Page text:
Earlier this year, Innovation Boulevard welcomed a new CEO, Louise Turner, to lead the organization into its next phase of growth and development. Louise has held senior executive positions in both the private and public sector, many of which focussed on growing companies within the tech sector and health innovation. Under her leadership over the past months, the organization has become much more than just Western Canada’s first health tech dedicated accelerator. It has become a place where government, academia, and British Columbia’s largest health authority collaborate on opportunities to improve health outcomes and create economic opportunities.
Given your experience, what attracted you to Innovation Boulevard?
Innovation Boulevard is the intersection point between three large institutions: the City of Surrey, Simon Fraser University, and the Fraser Health Authority. Through this partnership of government, academia, and health, we are able to service various groups, including citizens, patients, students, researchers, and taxpayers, that are collectively creating opportunities to do great things. These Surrey institutions have overlapping areas of interest: economic development, growth, and a healthy population and community, providing Innovation Boulevard with the potential to synergize these interests and produce opportunities to benefit all groups.
What makes Surrey a strategic location for innovation, especially in health tech?
Surrey has innovation built into their DNA. The city is actively working and striving to move forward in innovation and that reflects in the attitudes in people here, as well as the goals and ambitions of its institutions. The Fraser Health Authority is British Columbia’s largest health authority and our partnership with them gives us an abundance of opportunities to positively impact health outcomes for patients with the right tools. Surrey is definitely a happening kind of place. Not enough people see the city for what it has transformed into: a fast growing metropolitan centre with a very young population of people who are looking to get educated and contribute to the economy. That is what makes Surrey an interesting and exciting place to be.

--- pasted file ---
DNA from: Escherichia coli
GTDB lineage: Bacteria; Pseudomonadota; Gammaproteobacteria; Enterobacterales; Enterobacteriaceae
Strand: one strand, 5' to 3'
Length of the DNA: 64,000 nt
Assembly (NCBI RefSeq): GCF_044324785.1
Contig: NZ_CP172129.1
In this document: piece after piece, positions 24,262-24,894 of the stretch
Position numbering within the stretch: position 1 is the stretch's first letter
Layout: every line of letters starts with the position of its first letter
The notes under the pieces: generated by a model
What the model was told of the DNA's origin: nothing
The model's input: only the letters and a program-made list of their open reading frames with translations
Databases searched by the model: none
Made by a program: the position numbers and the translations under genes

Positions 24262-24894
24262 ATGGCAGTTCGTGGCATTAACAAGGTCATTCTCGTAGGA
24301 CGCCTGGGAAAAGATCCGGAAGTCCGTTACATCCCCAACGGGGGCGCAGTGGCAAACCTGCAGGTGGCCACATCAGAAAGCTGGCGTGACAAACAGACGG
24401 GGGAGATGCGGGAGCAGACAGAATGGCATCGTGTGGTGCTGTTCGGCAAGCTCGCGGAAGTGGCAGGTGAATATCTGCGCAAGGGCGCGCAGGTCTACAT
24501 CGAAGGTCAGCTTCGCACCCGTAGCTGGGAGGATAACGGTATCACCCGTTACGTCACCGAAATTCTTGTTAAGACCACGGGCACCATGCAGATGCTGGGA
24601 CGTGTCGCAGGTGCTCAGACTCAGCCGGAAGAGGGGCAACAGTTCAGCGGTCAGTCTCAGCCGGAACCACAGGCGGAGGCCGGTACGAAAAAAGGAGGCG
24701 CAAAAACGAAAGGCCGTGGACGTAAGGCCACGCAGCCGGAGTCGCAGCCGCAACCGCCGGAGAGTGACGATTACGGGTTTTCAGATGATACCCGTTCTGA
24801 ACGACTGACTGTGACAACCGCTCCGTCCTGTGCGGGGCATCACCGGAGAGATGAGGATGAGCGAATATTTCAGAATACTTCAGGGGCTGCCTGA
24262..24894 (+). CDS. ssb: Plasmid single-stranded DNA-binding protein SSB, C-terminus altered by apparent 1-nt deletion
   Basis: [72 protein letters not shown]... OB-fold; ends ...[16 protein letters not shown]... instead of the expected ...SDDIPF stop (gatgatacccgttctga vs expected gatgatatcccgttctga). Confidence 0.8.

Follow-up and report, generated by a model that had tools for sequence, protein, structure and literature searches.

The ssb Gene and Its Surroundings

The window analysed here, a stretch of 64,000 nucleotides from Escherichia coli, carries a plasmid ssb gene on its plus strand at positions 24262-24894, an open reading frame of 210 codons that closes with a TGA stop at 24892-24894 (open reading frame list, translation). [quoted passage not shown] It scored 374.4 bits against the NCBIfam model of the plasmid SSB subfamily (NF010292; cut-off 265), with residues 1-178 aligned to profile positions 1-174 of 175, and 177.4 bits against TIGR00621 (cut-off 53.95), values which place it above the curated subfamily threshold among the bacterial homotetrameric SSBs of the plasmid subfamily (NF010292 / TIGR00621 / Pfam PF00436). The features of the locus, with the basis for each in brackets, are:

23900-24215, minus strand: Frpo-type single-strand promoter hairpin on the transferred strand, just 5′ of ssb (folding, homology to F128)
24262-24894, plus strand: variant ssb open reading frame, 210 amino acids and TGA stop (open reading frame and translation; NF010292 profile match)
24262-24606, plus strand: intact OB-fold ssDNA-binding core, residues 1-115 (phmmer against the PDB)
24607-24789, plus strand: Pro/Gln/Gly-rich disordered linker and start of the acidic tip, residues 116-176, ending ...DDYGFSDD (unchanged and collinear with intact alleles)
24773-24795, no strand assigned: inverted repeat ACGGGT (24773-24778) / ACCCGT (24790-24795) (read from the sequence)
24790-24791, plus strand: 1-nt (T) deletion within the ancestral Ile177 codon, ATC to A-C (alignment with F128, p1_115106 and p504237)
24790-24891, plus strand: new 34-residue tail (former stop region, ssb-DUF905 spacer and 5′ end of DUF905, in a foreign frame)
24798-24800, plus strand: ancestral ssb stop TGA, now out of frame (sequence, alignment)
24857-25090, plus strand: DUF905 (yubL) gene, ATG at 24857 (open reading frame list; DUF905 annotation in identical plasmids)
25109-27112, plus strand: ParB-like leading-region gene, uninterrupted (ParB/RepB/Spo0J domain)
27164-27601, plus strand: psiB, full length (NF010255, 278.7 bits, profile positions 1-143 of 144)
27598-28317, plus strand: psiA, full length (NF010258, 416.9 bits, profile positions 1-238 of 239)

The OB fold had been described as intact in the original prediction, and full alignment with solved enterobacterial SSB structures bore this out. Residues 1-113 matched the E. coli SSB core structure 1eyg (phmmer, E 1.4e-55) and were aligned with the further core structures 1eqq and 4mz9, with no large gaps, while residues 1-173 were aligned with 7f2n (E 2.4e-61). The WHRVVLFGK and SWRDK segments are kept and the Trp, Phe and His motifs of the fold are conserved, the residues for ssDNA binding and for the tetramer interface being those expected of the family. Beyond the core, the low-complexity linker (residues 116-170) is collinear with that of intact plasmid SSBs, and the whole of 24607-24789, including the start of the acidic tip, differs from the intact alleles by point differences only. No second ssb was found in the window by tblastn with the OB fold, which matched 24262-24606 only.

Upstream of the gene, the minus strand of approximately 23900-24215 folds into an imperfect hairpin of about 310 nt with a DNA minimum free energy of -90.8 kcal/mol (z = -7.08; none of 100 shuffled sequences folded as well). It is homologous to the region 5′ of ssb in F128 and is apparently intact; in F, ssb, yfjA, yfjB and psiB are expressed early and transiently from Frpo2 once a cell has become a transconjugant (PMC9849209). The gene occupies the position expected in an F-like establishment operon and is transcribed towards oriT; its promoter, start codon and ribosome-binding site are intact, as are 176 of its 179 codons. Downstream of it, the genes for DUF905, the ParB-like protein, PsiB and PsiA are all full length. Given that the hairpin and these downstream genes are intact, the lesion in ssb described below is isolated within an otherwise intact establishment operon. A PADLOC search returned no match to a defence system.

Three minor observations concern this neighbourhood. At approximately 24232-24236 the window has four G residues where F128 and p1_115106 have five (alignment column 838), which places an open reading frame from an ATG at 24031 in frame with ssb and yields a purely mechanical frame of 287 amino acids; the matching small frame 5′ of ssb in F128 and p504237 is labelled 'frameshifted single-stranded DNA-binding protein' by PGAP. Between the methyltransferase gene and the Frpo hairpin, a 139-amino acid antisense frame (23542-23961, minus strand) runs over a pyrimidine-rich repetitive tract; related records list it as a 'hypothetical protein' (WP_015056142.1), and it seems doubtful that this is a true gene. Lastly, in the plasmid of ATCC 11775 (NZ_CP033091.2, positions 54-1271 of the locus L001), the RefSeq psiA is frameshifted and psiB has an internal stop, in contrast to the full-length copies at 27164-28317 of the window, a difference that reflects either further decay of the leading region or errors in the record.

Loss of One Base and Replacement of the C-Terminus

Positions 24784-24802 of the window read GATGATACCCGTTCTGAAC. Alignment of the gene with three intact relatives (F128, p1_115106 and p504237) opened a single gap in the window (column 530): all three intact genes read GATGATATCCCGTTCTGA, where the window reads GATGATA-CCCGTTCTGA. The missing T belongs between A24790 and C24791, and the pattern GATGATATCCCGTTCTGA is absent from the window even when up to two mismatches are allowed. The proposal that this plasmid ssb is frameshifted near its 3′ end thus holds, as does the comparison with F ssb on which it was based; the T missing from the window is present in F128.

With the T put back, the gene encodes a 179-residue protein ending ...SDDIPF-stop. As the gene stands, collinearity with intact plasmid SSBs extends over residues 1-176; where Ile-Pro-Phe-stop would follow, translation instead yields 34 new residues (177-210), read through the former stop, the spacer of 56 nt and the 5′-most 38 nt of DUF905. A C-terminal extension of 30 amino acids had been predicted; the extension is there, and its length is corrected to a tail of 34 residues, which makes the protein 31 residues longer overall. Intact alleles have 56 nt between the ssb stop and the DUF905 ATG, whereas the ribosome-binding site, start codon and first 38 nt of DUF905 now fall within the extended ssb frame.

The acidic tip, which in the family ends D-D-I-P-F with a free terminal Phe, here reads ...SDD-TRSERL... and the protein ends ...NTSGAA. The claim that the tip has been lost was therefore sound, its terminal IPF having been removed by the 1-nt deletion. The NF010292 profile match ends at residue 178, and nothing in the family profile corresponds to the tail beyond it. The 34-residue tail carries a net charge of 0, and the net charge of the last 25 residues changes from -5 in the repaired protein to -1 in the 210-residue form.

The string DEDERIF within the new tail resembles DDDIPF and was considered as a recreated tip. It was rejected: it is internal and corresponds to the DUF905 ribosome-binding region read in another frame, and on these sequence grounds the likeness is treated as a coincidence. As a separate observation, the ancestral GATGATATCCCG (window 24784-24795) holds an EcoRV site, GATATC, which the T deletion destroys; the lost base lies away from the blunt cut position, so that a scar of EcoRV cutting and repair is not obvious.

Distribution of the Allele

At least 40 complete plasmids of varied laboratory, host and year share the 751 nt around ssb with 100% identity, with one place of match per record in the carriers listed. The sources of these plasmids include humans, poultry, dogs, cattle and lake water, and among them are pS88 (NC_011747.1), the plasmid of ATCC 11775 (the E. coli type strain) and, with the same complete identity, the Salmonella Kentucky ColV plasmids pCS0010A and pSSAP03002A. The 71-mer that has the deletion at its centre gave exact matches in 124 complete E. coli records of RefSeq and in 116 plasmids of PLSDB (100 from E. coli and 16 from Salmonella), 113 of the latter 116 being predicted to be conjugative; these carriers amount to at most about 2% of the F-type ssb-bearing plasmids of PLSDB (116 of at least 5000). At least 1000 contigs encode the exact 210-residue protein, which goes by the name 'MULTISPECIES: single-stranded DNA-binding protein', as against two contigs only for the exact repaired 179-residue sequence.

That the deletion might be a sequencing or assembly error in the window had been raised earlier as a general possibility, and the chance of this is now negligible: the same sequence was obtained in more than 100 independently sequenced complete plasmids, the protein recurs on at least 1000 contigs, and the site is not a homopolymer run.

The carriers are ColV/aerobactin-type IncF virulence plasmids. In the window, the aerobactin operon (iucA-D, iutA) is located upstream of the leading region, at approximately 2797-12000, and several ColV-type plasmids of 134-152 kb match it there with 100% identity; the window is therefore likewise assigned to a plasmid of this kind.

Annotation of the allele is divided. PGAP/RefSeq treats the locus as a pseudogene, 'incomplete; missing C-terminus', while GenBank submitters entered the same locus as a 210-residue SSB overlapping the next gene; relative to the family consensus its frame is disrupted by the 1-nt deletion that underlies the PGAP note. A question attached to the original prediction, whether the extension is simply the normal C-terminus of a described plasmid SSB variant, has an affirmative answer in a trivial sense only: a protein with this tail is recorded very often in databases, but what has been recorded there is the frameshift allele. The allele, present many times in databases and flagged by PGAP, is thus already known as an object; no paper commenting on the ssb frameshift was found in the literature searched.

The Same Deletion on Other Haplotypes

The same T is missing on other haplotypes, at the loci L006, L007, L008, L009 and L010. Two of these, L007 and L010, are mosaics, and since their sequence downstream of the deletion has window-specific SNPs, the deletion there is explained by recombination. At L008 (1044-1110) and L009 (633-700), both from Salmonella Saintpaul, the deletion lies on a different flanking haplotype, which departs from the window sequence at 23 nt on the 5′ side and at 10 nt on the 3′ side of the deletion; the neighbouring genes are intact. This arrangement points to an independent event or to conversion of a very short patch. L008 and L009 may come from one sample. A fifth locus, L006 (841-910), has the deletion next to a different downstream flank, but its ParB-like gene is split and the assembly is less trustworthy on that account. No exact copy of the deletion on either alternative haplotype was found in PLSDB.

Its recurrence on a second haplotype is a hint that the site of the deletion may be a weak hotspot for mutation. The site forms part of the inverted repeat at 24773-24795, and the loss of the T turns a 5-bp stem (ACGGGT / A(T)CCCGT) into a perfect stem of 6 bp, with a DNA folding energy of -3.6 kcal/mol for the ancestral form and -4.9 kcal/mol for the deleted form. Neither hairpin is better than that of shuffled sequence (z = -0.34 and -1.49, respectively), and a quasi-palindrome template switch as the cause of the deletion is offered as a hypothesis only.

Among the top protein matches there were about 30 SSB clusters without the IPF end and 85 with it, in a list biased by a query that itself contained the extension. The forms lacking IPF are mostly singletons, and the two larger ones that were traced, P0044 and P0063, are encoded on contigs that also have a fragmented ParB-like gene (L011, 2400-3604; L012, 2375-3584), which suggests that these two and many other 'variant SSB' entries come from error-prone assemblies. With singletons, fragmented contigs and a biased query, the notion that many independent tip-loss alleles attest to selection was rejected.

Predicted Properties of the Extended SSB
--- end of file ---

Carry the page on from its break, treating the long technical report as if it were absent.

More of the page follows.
What will Innovation Boulevard’s focus be, moving forward?
All the things we’ve done before are still very much our priority. So, helping health tech companies start up, commercialize, grow, be successful, and sell into the health care system – that’s all important. But going back to my response to your first question, there is a lot more intersections of interests between our collaborating partners than just growing companies.
On top of growing companies, there is also an educational aspect. Simon Fraser University is a leading academic institution that is doing an amazing job at educating people to become workplace-ready. That is a different kind of economic development; it is educational development. It’s about growing the skilled workforce, not just companies.
Another opportunity is helping the health care system adopt new technologies that will improve health outcomes and save money. These technologies may come from local companies, but there is also work to be done in facilitating technology transfers from the research world. There is a lot of great technology in universities across the province that should be in the hands of entrepreneurs who can develop great companies. We are looking into how we could facilitate that transfer of knowledge and technology.
So, if you think previously that Innovation Boulevard had one string to our bow, now we have four or five. That first string is still very important and still the anchor for what we’re doing, but it’s not the only thing. There’s an opportunity to start projects and move ahead in all these areas.
What role do you envision Innovation Boulevard playing in developing Surrey into a centre of innovation excellence, especially in the health tech industry